For this editor, time to hit the road
By Rick Holmes
MetroWest Daily News/Milford Daily News
Jan. 28, 2017
When I was a much younger man, I quit my job and lit out for California and parts unknown. I was looking for America and what comes next.
We were headed back east when the car broke down in the mountains of East Tennessee. I answered an ad in the local paper seeking a reporter, and found my calling. Within a year or two I was writing editorials and columns - in addition to covering news, laying out pages and typing obituaries - and I've been doing that ever since.
I started as a small-town reporter, not a big city journalist, and from the beginning I saw producing a community newspaper as a form of public service.
Back then, the newspaper was just about the only thing that found its way into nearly every home in town. That's what made it a viable business: If you had something to sell or a job to fill, you put an ad in the local paper. It also gave the local paper a special place in the life of the community.
The local paper introduces us to our neighbors. It's a mirror, through which communities see themselves. It expresses and reflects community values. It establishes the facts on which public debates are based. In its pages, the community defines itself, argues with itself, sets its priorities and, most of the time, finds consensus.
That community-building process plays out most importantly in the opinion pages, the heart and soul of the local newspaper. On these pages, everybody gets to have their say, including the opinionated editor. Here at the Daily News, that's the part of the newspaper I've been charged with overseeing for more than 22 years. It's a job I'm now retiring from, which is the occasion for this personal reflection.
I found my way back to my native Massachusetts in the mid-'80s, to what was then the Middlesex News, now the MetroWest Daily News. It was a bigger newspaper covering a larger territory, but the journalistic mission was the same. Whether the community is a small town, a big city, a state or a nation, the job of establishing facts, and providing a forum for public debate remains essential to a healthy democracy.
The last few decades have been hard on newspapers. At papers small and large, a generation of owner-operators sold out to investors hoping to profit from efficiencies of scale. Then technology blew up our business model. With the internet, the newspaper lost its place as the only media going in every door. Starting with the venerable classifieds, advertisers went elsewhere. My newspaper has been downsizing since 1989.
The proliferation of media has its benefits, of course, and newspapers like ours are fighting to survive in the online world. But we're just starting to see what has been lost in transition. Americans don't agree on basic facts like we used to when there were newspapers and just three networks to choose from. There are fewer people exchanging ideas in a common public forum. We live in information bubbles that reinforce our opinions rather than testing them against opposing views.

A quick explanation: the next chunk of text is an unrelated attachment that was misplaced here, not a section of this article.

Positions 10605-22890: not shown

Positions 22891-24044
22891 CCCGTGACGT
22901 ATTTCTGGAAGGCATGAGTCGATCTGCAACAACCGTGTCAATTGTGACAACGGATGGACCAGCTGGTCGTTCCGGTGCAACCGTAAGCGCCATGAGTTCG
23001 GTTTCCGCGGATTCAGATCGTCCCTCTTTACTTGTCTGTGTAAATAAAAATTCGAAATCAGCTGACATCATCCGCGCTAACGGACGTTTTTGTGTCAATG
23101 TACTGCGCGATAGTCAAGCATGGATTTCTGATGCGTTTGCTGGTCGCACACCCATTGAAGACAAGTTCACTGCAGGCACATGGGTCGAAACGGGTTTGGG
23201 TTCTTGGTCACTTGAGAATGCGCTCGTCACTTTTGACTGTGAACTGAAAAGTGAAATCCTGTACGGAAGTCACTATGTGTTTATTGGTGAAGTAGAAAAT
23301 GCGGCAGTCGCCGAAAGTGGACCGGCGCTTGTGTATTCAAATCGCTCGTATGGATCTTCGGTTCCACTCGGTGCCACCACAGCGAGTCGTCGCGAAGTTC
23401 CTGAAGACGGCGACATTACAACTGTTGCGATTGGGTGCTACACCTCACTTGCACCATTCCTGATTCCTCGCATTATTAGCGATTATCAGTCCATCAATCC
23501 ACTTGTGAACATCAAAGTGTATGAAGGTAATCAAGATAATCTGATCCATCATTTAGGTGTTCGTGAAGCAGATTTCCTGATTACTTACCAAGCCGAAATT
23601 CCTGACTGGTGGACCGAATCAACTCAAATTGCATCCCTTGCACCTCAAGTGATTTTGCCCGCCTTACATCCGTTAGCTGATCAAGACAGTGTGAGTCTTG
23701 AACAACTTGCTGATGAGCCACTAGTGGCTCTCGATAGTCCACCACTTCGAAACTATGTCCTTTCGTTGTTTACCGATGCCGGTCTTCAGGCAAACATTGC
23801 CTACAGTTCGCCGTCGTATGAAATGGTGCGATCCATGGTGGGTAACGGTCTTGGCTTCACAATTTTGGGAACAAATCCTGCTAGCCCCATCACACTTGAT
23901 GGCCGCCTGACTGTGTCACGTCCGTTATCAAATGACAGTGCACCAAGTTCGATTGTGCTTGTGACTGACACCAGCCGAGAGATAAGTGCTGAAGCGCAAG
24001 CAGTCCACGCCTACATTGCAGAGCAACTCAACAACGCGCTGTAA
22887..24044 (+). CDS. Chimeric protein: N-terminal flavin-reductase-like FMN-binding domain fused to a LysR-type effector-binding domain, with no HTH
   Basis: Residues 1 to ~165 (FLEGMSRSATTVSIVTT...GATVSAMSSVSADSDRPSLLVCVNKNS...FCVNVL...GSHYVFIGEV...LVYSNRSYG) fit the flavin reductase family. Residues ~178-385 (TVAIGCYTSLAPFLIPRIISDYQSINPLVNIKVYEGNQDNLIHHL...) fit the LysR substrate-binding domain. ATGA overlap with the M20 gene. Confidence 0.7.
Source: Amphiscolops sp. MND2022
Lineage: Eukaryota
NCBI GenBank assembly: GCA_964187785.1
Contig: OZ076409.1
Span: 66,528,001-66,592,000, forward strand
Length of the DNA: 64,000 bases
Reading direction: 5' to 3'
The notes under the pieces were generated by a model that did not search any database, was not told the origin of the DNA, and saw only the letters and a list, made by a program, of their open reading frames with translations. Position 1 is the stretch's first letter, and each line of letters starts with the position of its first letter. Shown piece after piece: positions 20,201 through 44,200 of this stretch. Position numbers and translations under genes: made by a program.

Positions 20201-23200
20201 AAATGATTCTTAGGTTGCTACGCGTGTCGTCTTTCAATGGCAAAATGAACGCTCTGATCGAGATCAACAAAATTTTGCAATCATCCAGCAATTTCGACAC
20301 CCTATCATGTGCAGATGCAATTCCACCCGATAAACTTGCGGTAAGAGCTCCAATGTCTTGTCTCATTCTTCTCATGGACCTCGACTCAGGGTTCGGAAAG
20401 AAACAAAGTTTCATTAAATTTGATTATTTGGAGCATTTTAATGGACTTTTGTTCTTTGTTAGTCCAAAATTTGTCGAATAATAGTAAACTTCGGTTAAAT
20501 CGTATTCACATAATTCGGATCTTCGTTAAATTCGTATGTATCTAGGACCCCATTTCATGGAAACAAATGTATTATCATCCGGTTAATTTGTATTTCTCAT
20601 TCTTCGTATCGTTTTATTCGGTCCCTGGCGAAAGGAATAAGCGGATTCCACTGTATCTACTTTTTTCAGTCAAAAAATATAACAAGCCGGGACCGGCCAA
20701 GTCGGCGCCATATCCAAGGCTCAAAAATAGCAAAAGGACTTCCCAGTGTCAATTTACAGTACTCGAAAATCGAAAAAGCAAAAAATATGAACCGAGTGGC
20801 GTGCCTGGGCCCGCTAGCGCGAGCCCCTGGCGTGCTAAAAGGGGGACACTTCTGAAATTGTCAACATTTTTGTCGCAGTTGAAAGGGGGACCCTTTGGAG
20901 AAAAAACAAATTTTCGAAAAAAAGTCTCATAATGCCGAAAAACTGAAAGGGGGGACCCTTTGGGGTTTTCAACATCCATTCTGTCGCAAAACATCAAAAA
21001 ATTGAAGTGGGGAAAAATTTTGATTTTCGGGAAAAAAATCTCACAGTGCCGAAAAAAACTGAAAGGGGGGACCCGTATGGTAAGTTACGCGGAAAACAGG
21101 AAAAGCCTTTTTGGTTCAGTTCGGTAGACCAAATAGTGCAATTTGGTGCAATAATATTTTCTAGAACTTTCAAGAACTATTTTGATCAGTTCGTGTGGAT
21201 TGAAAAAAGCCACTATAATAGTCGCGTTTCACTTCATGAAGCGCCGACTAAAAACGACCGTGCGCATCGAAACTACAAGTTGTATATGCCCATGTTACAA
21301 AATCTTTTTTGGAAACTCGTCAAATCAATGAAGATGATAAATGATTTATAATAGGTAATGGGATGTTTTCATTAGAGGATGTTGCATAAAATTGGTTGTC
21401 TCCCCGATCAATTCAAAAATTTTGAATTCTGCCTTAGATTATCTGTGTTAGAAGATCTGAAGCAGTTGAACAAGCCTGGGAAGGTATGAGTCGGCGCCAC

It's painful to see the industry I've worked in for 37 years wither. But in an unlucky era for newspapers, I've been very lucky. I've survived while others were downsized; I've stayed when others left for other pastures - mostly because I like my job so much.
It's been a great run. I've been able to witness news close-up. I've directed reporters covering big stories and helped opinion writers find their voice.
I've curated an award-winning opinion section for 22 years. I pick what runs, find the art that goes with it, write the headlines, lay out the pages. I've always found it to be a lot of fun.
As an editorial writer and columnist, I've been able to exercise leadership on local issues. I've had the opportunity to say things I've felt needed to be said. Sometimes I've been a lonely voice standing up for someone who is being treated wrong. Those are the moments I will remember with pride.
Thanks largely to the editors I've worked with and the publishers at the top of the masthead, I've been able to write about whatever I want to write about. Our corporate owners have paid my salary, but they have never asked me to write anything I didn't believe.
As the ringleader at our editorial board meetings, I've interrogated political giants, and a few midgets, exploring the issues of the day at depths most voters rarely reach.
As the moderator of our public forum, I've had the pleasure of working with terrific local columnists, of all political persuasions. Some have become friends who know how to disagree without being disagreeable. I've corresponded with countless readers whose letters to the editor are an invaluable part of our paper.
Every writer needs readers, and I've been fortunate to have an audience that has sustained me through good and bad times. I thank all of you for the essential part you play in helping us serve our communities.
Here's another way I'm lucky: I'm one of the few folks in my field who is managing to retire on my own terms and my own schedule. This is my last column as opinion editor for the MetroWest Daily News and Milford Daily News. It's been a great pleasure serving you.
Now I'm getting back on the road where I left off, looking for America and what comes next.
I've long planned to travel in retirement, but I feel a new urgency about it since the last election. I want to bust out of my blue Massachusetts bubble and learn more about what's going on in my country.
I plan to share what I learn with you. After a few weeks off, I'll be back on these pages with a weekly column filed from parts unknown somewhere down the road. It's another fortunate career turn for a lucky journalist who's not done yet.
Rick Holmes, soon-to-be former opinion editor for the Daily News, can be reached at Rick@rickholmes.net. Like him on Facebook at Holmes & Co., and follow him @HolmesAndCo.